With his Yellow Jackets safely in the NCAA tournament and his contract rolled over for another six years Tuesday, Georgia Tech coach Paul Hewitt fired off at what he thought were unfair shots taken at him this season in the media.
He said he resents the suggestion that the reason he’s still coaching at Georgia Tech is because it would have cost too much to buy out his contract.
“I think it’s pretty cheap that anybody would make an issue out of it,” Hewitt said. “I think it’s really underhanded. It’s the lowest form of journalism there is. … I really resent the hell out of somebody trying to insinuate that it’s like I’m stealing money from somebody and that the only reason I have my job is because of this contract.”
Hewitt has a six-year deal with an automatic rollover, which is triggered each year 30 days before April 15. Tech would have had to notify Hewitt by Tuesday if it planned to terminate his contract, or it would have cost an additional $1.375 million on top of the $7.1 million required to buy him out.
Any doubt about Hewitt’s future at Tech was all but erased last week when his Yellow Jackets won three times in the ACC tournament and advanced to the NCAA tournament. Tech (22-12) plays against Oklahoma State on Friday in Milwaukee. But it became all but official Tuesday with the passing of an annual deadline.
“There was no action taken, as has been the case since the contract was signed,” Tech associate athletics director Wayne Hogan said Tuesday. “Today is business as usual. We move forward.”
Hewitt wasn’t quite ready.
He said criticism over his on-the-court strategy is one thing, but he has had fans ask him to his face if he kept his job because of his contract. He said those fans are getting their information from the media, including the AJC.
“If we’re going to put information out there, put it in its proper context,” Hewitt said. “Don’t throw this contract thing out there like I walked into somebody’s office with a gun and a mask and said ‘Hey you better sign this.’ We all knew what we were getting into.”
Hewitt signed his contract after Tech made the Final Four in 2004 when Dave Braine was athletics director. He said at the time he had two other college coaching offers.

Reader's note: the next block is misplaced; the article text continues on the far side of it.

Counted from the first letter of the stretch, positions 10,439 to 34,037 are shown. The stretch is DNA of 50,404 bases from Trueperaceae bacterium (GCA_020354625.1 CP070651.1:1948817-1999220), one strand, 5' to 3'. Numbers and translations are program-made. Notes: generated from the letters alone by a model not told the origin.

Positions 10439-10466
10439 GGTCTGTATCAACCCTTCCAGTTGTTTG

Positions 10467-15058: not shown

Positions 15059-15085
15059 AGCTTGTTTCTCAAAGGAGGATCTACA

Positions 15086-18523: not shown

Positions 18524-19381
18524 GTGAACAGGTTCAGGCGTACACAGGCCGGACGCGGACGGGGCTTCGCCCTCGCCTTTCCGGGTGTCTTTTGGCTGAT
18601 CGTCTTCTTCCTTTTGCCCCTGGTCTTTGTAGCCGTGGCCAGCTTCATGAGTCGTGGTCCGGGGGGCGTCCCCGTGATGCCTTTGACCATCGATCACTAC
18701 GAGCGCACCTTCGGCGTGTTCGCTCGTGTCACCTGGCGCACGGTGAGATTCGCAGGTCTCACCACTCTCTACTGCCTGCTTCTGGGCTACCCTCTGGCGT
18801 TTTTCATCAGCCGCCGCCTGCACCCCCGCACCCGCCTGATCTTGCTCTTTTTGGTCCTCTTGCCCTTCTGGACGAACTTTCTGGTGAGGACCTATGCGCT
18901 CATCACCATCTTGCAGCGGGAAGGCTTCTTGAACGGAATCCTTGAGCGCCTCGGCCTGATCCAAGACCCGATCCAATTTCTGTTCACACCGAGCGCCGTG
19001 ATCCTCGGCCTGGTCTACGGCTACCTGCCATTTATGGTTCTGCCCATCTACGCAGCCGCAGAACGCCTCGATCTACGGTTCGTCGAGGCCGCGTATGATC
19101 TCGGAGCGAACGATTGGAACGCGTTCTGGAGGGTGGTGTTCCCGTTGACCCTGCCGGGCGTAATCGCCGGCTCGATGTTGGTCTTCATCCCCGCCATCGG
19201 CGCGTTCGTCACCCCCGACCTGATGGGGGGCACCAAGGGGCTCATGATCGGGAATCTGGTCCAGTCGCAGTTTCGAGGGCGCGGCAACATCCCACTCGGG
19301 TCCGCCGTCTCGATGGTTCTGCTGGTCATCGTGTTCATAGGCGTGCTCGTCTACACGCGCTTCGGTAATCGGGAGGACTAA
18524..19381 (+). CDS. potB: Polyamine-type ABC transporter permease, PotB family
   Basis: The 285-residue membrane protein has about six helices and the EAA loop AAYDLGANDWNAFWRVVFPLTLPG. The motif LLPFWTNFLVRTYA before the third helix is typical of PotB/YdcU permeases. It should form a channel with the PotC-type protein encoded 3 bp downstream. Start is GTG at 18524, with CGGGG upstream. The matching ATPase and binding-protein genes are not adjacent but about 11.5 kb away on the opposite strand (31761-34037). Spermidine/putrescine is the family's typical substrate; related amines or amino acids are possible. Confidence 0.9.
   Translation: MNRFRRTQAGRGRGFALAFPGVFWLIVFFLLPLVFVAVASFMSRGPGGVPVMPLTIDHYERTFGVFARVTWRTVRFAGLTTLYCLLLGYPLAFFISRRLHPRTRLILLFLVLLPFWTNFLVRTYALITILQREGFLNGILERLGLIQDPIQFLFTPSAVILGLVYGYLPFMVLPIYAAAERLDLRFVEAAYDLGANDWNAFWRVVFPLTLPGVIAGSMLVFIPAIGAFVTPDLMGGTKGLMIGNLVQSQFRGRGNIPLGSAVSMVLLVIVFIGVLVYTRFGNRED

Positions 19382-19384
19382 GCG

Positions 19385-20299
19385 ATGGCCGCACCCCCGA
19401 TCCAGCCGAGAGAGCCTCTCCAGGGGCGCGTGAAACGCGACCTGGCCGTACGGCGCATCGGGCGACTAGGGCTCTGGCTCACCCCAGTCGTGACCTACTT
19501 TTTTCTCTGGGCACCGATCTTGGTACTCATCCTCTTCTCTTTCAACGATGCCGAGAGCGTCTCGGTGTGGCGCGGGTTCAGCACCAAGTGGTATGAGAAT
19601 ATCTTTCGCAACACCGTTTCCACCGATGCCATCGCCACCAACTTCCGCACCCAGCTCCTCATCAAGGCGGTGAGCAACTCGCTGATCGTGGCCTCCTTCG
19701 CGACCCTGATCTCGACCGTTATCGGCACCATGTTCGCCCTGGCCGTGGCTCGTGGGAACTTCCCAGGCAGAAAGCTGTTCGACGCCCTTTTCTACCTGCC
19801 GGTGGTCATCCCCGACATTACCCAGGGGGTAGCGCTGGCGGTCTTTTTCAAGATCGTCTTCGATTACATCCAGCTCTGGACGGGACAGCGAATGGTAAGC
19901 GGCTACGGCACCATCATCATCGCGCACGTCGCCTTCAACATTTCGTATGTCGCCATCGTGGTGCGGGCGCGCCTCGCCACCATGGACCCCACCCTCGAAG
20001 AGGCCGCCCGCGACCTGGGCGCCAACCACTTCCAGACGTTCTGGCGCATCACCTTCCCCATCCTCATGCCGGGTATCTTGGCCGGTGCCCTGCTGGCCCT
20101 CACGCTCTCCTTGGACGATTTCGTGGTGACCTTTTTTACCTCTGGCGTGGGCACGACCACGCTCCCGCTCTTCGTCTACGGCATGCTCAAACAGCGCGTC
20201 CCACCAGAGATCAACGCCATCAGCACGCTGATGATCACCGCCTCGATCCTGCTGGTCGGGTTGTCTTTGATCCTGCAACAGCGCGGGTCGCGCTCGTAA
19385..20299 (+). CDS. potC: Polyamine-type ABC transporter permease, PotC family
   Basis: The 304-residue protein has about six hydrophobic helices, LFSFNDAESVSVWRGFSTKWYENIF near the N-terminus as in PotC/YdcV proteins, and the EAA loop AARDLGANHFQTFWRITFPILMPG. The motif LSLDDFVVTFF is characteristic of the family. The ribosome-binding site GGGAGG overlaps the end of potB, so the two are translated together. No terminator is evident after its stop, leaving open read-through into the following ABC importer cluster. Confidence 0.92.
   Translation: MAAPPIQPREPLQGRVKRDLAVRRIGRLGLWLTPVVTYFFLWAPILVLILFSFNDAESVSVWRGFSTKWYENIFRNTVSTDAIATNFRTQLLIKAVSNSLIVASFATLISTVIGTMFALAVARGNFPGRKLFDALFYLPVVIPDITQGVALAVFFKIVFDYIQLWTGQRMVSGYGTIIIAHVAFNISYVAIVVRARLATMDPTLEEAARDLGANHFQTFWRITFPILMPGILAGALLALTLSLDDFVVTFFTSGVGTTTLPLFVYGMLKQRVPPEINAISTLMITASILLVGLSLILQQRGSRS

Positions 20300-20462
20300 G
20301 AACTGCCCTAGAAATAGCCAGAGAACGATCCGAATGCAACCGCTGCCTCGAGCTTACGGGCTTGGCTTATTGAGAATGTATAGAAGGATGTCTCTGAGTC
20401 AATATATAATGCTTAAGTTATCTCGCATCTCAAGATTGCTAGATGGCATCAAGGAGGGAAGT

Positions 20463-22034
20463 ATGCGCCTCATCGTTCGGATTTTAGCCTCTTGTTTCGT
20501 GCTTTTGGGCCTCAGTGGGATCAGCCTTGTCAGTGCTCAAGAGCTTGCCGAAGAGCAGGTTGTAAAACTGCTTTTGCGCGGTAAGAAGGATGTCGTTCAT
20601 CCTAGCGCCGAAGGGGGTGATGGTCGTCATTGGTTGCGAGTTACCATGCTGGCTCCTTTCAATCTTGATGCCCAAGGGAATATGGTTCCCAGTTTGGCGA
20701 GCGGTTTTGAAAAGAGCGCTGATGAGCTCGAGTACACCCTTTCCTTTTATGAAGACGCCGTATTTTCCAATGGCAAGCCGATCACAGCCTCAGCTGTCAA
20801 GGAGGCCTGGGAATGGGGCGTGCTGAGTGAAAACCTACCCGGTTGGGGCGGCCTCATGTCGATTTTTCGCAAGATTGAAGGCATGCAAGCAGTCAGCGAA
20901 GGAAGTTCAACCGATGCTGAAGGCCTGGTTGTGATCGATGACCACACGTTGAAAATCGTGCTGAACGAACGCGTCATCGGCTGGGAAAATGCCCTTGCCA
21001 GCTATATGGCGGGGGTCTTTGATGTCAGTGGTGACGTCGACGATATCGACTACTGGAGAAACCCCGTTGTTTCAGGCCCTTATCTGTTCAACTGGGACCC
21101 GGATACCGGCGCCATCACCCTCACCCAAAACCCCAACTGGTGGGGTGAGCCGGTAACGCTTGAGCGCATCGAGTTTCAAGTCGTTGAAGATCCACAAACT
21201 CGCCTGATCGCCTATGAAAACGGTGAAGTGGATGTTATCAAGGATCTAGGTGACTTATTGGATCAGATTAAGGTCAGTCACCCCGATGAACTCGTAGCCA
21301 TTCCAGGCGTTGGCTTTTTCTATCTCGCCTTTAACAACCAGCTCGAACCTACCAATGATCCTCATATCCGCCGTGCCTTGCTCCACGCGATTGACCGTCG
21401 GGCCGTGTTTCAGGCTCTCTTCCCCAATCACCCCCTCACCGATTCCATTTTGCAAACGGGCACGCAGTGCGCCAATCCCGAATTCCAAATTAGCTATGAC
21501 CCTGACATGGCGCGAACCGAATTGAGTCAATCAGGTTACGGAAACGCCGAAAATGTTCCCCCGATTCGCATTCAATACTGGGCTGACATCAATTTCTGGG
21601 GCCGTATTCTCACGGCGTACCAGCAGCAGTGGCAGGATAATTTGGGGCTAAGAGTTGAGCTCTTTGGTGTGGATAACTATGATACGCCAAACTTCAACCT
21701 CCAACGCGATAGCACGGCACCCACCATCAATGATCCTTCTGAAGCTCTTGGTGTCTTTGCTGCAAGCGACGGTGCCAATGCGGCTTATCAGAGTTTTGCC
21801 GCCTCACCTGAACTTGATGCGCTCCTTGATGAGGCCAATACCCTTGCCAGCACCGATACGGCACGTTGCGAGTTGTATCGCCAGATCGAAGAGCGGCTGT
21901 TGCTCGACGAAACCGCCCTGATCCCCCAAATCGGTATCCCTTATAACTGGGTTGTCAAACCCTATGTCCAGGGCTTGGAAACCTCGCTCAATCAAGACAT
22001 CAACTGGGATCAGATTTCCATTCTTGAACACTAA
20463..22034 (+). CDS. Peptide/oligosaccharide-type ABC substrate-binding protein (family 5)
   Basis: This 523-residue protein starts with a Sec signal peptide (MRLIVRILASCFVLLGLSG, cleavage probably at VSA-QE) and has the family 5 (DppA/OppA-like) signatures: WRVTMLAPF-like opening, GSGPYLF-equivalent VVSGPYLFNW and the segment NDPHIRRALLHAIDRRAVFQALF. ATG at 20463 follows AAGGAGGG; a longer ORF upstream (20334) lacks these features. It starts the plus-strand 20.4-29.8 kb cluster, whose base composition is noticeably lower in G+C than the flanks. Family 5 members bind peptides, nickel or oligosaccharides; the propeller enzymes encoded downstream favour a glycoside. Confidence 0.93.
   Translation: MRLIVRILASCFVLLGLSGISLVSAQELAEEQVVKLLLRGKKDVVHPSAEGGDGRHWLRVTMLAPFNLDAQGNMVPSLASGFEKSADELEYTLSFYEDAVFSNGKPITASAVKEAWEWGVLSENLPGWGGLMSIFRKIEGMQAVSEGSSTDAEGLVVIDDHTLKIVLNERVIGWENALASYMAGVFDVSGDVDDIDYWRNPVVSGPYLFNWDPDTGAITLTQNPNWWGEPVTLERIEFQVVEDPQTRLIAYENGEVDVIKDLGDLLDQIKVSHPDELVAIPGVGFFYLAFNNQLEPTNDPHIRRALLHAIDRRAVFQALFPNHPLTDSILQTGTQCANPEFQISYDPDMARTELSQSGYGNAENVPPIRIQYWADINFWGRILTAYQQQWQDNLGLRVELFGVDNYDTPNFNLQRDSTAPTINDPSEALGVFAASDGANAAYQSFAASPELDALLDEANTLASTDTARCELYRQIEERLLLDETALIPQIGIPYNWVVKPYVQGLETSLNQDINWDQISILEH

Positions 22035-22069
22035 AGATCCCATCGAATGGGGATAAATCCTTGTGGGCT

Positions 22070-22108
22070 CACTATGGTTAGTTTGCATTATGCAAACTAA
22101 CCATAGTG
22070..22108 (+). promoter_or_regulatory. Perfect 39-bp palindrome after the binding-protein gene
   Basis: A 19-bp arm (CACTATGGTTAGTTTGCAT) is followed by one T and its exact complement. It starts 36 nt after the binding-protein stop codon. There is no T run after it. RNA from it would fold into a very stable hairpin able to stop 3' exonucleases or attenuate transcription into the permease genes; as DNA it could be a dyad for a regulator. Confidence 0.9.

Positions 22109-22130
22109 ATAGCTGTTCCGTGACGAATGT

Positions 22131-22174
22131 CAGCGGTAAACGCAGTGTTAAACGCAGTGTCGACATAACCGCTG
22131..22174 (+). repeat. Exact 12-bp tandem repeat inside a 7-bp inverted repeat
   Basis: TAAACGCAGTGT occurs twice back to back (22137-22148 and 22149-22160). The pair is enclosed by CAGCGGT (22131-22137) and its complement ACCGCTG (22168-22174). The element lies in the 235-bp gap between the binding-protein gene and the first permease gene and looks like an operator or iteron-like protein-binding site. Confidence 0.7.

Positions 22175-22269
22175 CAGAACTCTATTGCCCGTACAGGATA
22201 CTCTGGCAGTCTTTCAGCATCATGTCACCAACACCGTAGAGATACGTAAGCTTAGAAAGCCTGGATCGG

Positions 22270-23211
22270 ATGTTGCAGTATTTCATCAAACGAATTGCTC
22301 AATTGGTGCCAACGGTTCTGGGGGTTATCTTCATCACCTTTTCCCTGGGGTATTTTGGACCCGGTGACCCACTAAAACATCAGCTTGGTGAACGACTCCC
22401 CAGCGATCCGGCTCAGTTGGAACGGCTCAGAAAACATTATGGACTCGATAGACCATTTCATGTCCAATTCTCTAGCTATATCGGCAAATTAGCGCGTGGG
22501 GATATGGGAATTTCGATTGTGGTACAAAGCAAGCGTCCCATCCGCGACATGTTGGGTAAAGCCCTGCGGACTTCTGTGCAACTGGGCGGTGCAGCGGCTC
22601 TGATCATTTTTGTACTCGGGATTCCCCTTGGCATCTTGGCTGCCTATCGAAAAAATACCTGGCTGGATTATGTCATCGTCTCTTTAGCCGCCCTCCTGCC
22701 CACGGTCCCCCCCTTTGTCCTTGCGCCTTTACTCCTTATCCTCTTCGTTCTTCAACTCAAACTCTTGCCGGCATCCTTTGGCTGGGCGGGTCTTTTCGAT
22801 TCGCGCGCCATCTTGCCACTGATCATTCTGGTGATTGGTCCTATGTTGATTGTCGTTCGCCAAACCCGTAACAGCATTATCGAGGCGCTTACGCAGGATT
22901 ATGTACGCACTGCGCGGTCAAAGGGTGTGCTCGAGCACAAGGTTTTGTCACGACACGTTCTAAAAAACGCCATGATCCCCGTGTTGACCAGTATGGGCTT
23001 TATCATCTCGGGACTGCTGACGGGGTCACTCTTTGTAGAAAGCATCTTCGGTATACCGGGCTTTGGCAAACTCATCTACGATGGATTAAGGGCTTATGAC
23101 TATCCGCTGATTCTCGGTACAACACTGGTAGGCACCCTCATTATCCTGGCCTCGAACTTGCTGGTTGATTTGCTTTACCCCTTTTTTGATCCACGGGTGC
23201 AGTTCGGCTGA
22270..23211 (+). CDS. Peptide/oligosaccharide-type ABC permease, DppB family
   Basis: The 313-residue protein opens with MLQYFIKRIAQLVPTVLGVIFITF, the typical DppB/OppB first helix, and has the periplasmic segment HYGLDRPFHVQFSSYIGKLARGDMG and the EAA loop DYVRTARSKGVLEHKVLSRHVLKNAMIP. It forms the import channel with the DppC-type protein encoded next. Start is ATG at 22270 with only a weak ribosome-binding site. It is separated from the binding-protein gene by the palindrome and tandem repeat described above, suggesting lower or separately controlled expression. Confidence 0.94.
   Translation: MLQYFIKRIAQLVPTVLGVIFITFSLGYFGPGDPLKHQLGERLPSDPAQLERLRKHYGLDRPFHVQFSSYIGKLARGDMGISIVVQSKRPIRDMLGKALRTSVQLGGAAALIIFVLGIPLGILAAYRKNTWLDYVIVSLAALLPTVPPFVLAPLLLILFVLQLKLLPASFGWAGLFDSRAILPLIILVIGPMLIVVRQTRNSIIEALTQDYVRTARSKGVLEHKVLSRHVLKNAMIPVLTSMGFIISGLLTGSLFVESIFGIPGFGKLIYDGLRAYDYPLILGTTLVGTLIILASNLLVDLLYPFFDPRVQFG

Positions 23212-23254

“Not that it’s important to anybody, but I could have made at least a half million dollars more going some place else,” Hewitt said. “But I felt really strong about the philosophy and the mission at Georgia Tech. And I thought it was really cheap and deceitful, really, to act like I pulled one over on somebody. And that’s the way it was presented.”
“… I didn’t pull one over on anybody,” he continued. “We went into this agreement eyes wide open both sides. And if Georgia Tech doesn’t want me to be their basketball coach, that’s their decision. I’m confident enough in my ability because of how hard I’ve worked and my reputation in the game, I think I’d have a decent chance of landing another job some place else.”
But if left up to him, Hewitt said, he didn’t want to go anywhere. “I like it here,” he said. “My family likes it here.”
Hewitt came under fire after a last-place finish in the ACC last season at 2-14 and took his share of heat through a seventh-place finish in the ACC this season at 7-9. Athletics director Dan Radakovich acknowledged as such last Thursday in his bi-monthly e-mail to Tech fans and alumni.
“Please understand that I hear all of the comments and opinions about our men’s basketball program. …,” wrote Radakovich, who alluded to the financial part of the equation as well. “… There are many parts to any discussion, issues which are visible and not so visible. By now I’m sure you know that there are factors which make our men’s basketball situation unique.”
Radakovich said both in that e-mail and in a response to a media query last Tuesday, he would “not get into a discussion regarding the evaluation of a program while there are still significant games to be played and goals to be reached.”
Hewitt said at no time this season has he asked Radakovich about his job security. He did call Radakovich after hearing about his response to the media query on Tuesday, but Hewitt was upset only that reporters asked about his job status.
“To blow it into something that was almost a national story, and I’ve got recruits calling me, ‘Coach what’s going on?’ I thought that was really cheap,” Hewitt said. “Unless President [G.P.] Peterson or Dan Radakovich says ‘Hey look, we’re not sure if we want this guy to be our basketball coach, why make a story out of it.”
The job discussion is all but moot now with Tech heading to the NCAA tournament for the fifth time in 10 years.
“Should we have been there more? Yeah, no question,” said Hewitt who is 176-143 at Tech, including 67-93 in the ACC. “I think acceptable would have been seven or eight, but five out of 10 is pretty doggone good.”